What’s behind trolling?

Do you know about ‘trolls’? They’re the rather annoying individuals who anonymously post insults, threats and provocations on online forums, Facebook pages and newspaper comments sections. The BBC has recently published an excellent magazine article on the growing phenomenon, looking at the psychology behind it.

“Online people feel anonymous and disinhibited,” says Professor Mark Griffiths, director of the International Gaming Research Unit at Nottingham Trent University. “They lower their emotional guard and in the heat of the moment may troll either reactively or proactively.”

The article also points out that, thanks to a recent surge in trolling behaviour, there’s been increasing pressure on governments and private organisations to put restrictions on – or even entirely abolish – online anonymity. However, Jeff Jarvis, author of Public Parts, has a far less draconion suggestion. “The answer is for newspaper websites and online forums to employ sufficient moderators to prevent the comments spiralling into petty vendettas.”

Well, that’s one solution – but there are plenty of others too. Shamelessly relating back to an article I first wrote over two years ago, here are ten top ways to keep the trolls at bay. Well, nine top ones and a rubbish voice censor.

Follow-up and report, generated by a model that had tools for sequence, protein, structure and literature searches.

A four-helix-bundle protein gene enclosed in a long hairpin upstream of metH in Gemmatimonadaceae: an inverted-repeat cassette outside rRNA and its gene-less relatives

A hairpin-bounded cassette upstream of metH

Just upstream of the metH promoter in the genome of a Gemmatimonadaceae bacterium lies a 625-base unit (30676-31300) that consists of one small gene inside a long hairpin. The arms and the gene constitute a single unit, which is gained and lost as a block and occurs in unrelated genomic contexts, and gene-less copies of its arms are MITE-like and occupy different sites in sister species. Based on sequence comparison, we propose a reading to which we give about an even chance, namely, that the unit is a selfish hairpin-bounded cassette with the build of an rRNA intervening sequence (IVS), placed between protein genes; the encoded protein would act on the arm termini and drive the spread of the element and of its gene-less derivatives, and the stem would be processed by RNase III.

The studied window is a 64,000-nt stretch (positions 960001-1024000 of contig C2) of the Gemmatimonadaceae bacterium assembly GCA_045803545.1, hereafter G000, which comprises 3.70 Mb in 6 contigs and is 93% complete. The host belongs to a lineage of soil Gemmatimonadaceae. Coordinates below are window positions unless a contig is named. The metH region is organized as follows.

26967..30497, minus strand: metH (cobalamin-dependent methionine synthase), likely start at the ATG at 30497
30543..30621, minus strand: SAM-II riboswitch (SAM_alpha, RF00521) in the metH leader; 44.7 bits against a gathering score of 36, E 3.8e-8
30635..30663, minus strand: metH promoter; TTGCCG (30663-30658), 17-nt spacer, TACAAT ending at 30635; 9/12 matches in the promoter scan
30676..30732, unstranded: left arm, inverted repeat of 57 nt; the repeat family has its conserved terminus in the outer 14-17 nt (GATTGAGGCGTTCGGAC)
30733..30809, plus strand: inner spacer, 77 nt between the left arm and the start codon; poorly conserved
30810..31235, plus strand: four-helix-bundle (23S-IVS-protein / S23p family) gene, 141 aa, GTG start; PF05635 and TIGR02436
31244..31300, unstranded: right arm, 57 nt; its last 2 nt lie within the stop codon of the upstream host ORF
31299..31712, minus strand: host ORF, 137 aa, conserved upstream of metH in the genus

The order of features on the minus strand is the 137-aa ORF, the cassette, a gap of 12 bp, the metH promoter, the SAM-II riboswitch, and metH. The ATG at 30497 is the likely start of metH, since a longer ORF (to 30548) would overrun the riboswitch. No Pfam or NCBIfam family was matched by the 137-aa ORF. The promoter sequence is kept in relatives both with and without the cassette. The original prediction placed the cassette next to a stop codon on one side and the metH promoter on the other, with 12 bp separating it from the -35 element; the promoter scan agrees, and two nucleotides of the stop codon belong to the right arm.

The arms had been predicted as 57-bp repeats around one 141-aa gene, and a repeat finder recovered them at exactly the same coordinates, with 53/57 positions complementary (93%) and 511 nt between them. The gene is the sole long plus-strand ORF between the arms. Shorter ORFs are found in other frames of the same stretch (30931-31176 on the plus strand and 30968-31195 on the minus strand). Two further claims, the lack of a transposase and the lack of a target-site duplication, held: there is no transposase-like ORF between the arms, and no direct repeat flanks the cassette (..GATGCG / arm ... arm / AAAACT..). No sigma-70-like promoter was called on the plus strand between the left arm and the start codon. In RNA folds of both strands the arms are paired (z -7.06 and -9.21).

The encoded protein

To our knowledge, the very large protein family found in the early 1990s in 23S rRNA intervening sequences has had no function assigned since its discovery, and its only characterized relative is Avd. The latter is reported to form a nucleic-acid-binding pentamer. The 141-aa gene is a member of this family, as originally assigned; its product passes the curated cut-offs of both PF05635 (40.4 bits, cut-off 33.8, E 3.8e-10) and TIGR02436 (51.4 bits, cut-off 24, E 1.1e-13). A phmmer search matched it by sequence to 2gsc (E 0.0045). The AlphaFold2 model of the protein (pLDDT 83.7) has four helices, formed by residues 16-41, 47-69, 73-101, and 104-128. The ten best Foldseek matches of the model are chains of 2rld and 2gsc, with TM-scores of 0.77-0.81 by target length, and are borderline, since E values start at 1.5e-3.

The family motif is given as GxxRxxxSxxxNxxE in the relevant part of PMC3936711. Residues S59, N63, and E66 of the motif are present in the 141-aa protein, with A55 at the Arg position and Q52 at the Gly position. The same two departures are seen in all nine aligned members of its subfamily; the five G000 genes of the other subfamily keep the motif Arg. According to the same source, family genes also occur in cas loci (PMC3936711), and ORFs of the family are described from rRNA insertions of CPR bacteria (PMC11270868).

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Keeping the Trolls at Bay


If you have ever commented on a blog post, web news article or Facebook group, you will probably have come into contact with trolls. They are the thoroughly irksome, pedantic and occasionally downright unsavoury individuals who post irrelevant, inflammatory and/or abusive remarks in message boards, often with the sole intent of disrupting on-topic conversation or undermining other forum users.

For the most part, trolls are accepted as just one of those irritations that happen online – like receiving those persistent emails about enlarging your penis, or unwittingly helping to prolong Rick Astley’s career – but for us marketing types trolls are more than just an annoyance. The truth is that these cyber-tosspots cost advertising agencies in the UK alone millions of pounds every year. Continue reading